As mentioned, all elements of the production come together to create a show that is truly great, and Rob Howells‘ sets, coupled with Hugh Vanstone‘s lighting, goes a long way. The regular location changes transport us between classroom, library, and Wormwood residence, almost unnoticeably. The set is enclosed by an outer frame, made up of colourful building-block-style structures, some bearing letters that spell out words relevant to plot. The sturdy set allows for the cast to clamber up and down onto different levels with ease, which make for some truly thrilling moments, most notably when the children are climbing on the gates of the school, rebelliously leaping onto the classroom desks, and using the swings during the song, ‘When I Grow Up’. Colour also plays an important role – duller, bleaker colours are used in the oppressive classroom sets, a stark contrast to the fluorescence, the neon confusion, of the Wormwood residence. The lighting achieves a similar effect – darker in the classrooms, and in the office of Miss Trunchbull, her character one of darkness, opposite Matilda’s light, and the bold, primary colours that appear when the children unite and sing together, which often shines out, filling the auditorium. Light fills the darkness. Good conquers evil, no matter the shape and size it comes in.
Although perhaps a push to find somebody as clever as Matilda, Tim Minchin isn’t far off. A genius lyricist, his songs are so catchy, so memorable, they act as a perfect complement to Dahl’s story, acting as a beautiful extension of the plot we are so familiar with, and stirring expressions of the characters’ innermost thoughts.
As if the production wasn’t incredible enough, there are several illusions, courtesy of Paul Kieve, that leave the audience, young and old, in a dazzling state of disbelief. From that iconic scene in which Miss Trunchbull swings a child around by her pigtails, to Bruce Bogtrotter’s devouring of the most enormous chocolate cake, to cups moving and chalk writing by itself, the show is sprinkled with a healthy lashing of mischief, mystery, and magic, delighting all who watch.
Although a subtle decision, it’s certainly a nice touch to have adults playing some of the students. Whilst on the surface, they can literally be viewed as the older, larger school children, who initially relish in the chance to tease the younger children, the addition of these adults in uniforms perhaps suggests that so many of us, despite our age, remain young at heart, which is probably why so many can relate to this musical. Ageing is a natural process, and one that cannot, unfortunately, be avoided. However, despite our age, we all dream, we all plan for the future, immediate or otherwise. At times, then, perhaps we all show, and if we do not, we should, that childlike innocence – dreaming, believing anything is possible, and just having fun. No matter how old we get, I’m sure most of us would still jump at the chance to ride around on a scooter, play on a swing, or just make a little bit of mischief.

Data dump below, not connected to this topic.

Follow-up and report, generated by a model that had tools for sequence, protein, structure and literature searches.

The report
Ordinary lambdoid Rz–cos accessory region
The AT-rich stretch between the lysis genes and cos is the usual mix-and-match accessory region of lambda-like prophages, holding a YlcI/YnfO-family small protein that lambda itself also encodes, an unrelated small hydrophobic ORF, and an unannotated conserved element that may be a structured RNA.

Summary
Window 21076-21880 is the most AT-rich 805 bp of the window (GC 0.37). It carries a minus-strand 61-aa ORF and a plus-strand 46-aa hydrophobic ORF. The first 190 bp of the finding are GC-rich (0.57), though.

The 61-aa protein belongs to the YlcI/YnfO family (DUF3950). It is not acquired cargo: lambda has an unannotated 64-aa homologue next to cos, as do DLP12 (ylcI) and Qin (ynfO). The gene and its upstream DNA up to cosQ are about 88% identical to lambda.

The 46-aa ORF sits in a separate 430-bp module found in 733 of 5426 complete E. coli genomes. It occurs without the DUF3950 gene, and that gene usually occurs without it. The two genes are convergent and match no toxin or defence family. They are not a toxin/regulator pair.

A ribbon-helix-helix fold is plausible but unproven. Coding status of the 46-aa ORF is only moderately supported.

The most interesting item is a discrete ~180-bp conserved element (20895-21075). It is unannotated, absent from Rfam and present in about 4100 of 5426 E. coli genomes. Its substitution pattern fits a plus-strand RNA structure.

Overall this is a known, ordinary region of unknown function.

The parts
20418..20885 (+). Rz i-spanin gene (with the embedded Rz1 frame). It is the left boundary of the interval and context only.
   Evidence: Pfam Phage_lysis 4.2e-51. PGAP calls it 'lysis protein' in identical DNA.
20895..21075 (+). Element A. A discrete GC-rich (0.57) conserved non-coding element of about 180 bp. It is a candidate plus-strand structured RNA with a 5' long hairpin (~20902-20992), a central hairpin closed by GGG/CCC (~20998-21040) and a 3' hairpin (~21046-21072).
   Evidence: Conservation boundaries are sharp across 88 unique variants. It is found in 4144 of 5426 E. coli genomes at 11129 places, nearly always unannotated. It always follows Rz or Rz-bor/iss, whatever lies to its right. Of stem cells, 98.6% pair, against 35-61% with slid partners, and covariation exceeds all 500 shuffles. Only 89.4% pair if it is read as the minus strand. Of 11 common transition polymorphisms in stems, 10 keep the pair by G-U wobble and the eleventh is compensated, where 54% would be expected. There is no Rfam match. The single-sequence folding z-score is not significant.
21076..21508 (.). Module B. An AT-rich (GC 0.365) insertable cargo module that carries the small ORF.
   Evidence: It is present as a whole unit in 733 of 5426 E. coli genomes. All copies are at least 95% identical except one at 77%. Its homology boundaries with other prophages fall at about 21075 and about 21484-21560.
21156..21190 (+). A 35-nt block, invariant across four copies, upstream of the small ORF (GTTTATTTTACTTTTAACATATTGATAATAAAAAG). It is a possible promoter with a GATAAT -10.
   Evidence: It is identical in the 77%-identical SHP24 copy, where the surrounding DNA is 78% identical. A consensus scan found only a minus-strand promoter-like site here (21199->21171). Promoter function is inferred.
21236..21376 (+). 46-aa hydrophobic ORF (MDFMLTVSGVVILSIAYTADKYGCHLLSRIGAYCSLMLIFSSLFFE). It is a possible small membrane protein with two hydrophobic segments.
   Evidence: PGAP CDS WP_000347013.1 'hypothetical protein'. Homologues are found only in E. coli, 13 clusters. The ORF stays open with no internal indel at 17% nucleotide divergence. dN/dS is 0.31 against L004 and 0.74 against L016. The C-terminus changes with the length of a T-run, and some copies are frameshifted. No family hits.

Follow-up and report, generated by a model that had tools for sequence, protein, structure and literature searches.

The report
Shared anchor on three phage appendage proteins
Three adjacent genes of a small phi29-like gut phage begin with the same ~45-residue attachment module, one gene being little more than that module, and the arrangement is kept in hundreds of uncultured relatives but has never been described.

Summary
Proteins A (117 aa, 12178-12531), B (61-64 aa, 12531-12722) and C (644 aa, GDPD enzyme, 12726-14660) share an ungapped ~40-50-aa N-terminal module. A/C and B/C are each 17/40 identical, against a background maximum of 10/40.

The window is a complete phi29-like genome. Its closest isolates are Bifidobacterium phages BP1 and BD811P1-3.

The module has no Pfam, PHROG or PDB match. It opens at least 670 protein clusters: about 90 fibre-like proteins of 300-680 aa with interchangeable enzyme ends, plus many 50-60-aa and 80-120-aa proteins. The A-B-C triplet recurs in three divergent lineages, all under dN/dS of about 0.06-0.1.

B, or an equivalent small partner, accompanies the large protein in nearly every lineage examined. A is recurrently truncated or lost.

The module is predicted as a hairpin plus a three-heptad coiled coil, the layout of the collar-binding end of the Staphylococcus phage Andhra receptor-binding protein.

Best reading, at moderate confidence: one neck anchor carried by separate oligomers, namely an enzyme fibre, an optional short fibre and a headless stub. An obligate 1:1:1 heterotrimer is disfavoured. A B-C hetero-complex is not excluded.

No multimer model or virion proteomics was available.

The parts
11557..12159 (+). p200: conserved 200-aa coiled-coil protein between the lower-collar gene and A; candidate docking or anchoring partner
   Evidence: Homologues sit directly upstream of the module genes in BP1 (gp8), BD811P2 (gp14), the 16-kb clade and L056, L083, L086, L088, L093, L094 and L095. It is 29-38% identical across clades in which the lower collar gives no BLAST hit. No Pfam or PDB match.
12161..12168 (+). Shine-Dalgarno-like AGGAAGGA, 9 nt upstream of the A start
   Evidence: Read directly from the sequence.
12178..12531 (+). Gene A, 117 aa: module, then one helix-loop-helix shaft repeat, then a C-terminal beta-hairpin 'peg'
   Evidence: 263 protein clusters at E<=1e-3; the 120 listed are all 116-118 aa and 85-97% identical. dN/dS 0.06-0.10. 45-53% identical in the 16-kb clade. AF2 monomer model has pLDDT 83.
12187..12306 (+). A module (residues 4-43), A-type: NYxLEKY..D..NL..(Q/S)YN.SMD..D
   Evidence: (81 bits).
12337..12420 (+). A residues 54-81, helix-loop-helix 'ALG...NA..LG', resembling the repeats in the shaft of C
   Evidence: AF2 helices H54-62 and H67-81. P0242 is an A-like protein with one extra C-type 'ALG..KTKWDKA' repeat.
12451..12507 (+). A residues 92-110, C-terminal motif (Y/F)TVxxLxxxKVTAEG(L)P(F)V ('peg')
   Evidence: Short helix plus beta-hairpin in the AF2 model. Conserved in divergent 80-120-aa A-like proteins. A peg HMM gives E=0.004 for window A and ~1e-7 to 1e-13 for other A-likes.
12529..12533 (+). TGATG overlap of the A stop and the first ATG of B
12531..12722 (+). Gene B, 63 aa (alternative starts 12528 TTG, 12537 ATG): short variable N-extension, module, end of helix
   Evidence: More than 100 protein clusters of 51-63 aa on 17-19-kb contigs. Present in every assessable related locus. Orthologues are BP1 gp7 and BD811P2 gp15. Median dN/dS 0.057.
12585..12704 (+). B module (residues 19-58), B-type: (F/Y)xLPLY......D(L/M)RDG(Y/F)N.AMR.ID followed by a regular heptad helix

Although a fun and colourful musical, Matilda certainly has an important message at its heart – primarily, that size doesn’t matter (…easy). Despite her age, Matilda takes charge of her own future, of her destiny. Unlike ill-fated fictitious characters, such as Jack and Jill, or Romeo and Juliet, characters she refers to during her solo song ‘Naughty’, Matilda realises that she has the power to write her own story, and only she will influence how it will unfold. She takes matters into her own hands, however small, and doesn’t rely on outside help. Rather, she helps herself, and in turn, helps others along the way, supporting, encouraging, inspiring, and empowering. One can’t help but think of Shakespeare’s famous quote from ‘A Midsummer Night’s Dream’ – “Though she be but little, she is fierce”. The audience themselves are encouraged by this – as we are watching, we make the decision that we too will not fall victim to the manipulation of our own futures by anybody else, understanding that the power to act, to change our story, lies only within ourselves. Like Matilda, the musical moves us to stand up for what is right, teaching us to not simply take things on the chin, not to accept what we shouldn’t have to, and not to settle. Instead, wherever, and whenever, possible, we should do what we can to put things right.
This family-friendly production appeals to people of all ages, and rightly so. Loved by children and adults alike, its provides us with a wonderful, and all too timely, reminder, that we should embrace our inner child (and our naughty side, while we’re at it). A truly marvellous production, one of pure escapism, ‘Matilda The Musical’ proves that sometimes, there is no odour more pleasant than the sweet, sweet smell of rebellion.